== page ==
One of the great mysteries growing up with the Rick Steiner figure was why exactly it had ridges. Anyone who played with the Dog-Faced Gremlin's figure noticed that there were bumps on his crotch and backside (Don't look at me like that! If you wanted to use Rick's action clothesline move, you pretty much had to handle his personal space rather invasively). Now, I could understand if it were Scott's figure with the bumps in his intimate regions, given his active lifestyle with the "freaks" as well as the many needle marks that surely pock his rear end. However, this was most definitely the elder Steiner we were dealing with -- why else would he have the earmuffs on his head?
Another puzzling feature of the Rick Steiner figure regarded the fine print on the figure giving credit to Hasbro and the WWF. Every figure has this, but Rick's figure had the raised lettering on both his lower and upper body.
The reason for these anomalies was that Hasbro, as I have explained in previous articles, had a penchant for reusing parts of action figures whenever convenient. In this case, the toymakers decided to borrow the lower body of the Demolition Crush action figure. The problem, though, was that like the other Demolition members, Crush's trunks had metal studs on them, and his figure replicated them accordingly. Rather than picking a lower body from a different figure, one without studs (which was pretty much every figure besides the Demolition series), the WWF figure department said, "Screw it" and just painted right over those simulated metal studs. Thus, children were for years led to believe that Rick Steiner wore rhinestone underwear.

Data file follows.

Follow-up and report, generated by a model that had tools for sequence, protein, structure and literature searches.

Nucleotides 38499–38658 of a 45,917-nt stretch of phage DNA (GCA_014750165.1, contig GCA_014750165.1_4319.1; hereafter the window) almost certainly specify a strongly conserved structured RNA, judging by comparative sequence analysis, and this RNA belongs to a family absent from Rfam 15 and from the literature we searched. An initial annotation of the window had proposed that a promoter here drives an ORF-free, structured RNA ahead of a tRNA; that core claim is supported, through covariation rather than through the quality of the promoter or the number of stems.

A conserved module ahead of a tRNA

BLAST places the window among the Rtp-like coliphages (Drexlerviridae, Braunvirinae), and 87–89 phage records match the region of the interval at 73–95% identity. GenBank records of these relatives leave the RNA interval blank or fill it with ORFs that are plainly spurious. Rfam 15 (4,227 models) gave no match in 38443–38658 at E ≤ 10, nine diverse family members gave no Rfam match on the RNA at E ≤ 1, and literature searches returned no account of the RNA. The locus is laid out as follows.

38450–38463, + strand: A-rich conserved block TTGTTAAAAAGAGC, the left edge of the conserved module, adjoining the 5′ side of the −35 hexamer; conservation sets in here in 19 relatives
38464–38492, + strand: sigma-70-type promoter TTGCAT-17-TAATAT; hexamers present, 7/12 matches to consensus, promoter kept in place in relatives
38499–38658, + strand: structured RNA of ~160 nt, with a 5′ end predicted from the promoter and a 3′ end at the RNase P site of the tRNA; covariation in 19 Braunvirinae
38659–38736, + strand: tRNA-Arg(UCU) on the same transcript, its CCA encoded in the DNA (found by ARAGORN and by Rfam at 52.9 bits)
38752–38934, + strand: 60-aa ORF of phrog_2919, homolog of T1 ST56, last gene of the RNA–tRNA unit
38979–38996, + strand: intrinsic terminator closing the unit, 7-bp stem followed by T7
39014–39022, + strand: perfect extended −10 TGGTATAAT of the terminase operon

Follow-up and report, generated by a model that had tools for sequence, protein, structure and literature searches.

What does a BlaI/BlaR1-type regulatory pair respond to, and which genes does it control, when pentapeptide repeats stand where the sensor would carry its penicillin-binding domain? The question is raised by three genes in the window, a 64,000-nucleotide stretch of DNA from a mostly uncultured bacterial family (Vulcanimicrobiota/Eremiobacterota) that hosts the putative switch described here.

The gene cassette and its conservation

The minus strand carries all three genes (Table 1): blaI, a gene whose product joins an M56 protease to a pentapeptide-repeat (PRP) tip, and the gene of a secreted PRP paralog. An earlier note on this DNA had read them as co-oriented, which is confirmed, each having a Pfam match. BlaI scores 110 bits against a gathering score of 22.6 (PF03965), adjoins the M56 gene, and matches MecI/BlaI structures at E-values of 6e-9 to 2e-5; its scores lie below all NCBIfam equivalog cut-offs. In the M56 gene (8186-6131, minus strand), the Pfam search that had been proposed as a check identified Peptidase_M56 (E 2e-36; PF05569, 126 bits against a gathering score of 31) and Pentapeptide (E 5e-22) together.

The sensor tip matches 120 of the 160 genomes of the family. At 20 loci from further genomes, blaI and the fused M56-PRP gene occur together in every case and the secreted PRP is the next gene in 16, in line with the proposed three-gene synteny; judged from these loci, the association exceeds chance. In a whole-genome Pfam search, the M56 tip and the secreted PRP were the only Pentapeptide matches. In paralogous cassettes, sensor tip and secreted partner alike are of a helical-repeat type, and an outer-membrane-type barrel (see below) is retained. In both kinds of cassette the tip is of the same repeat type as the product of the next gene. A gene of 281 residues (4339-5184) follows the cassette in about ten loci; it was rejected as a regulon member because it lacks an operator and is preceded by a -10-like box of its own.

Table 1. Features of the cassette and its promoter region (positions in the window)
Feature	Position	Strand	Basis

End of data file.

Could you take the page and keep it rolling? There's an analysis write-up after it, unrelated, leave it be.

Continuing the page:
As for the redundant fine print on Rick Steiner, Demolition Crush's upper body recreated the leather straps that that most heterosexual of all tag teams, Demolition, wore, leaving little room for the copyright notice. Thus, it was Crush's bum that was stamped with a message declaring it property of Hasbro and WWF. Pair Crush's lower body with Owen Hart's upper body, and you suddenly have double the fine print and a very rough Rick Steiner.
|Owen's figure had the traditional Hasbro tramp-stamp.|
Rick's brother Scott got an even bigger assist from Brian Adams. The All-American from Michigan shared an upper and lower body with the Kona Crush figure (as well as Mr. Perfect and the then-unreleased Adam Bomb).
The only other thing noteworthy about these figures is the design of their trunks; in keeping with the early-90s trend of vibrant (i.e. hideous) clothing colors, the Steiners got the pastel treatment both in real-life and in action figure form. It's just a shame that the Rockers had already broken up by the time the Steiners entered the Federation; a battle of the garish wrestling tights could have main-evented any arena in the world.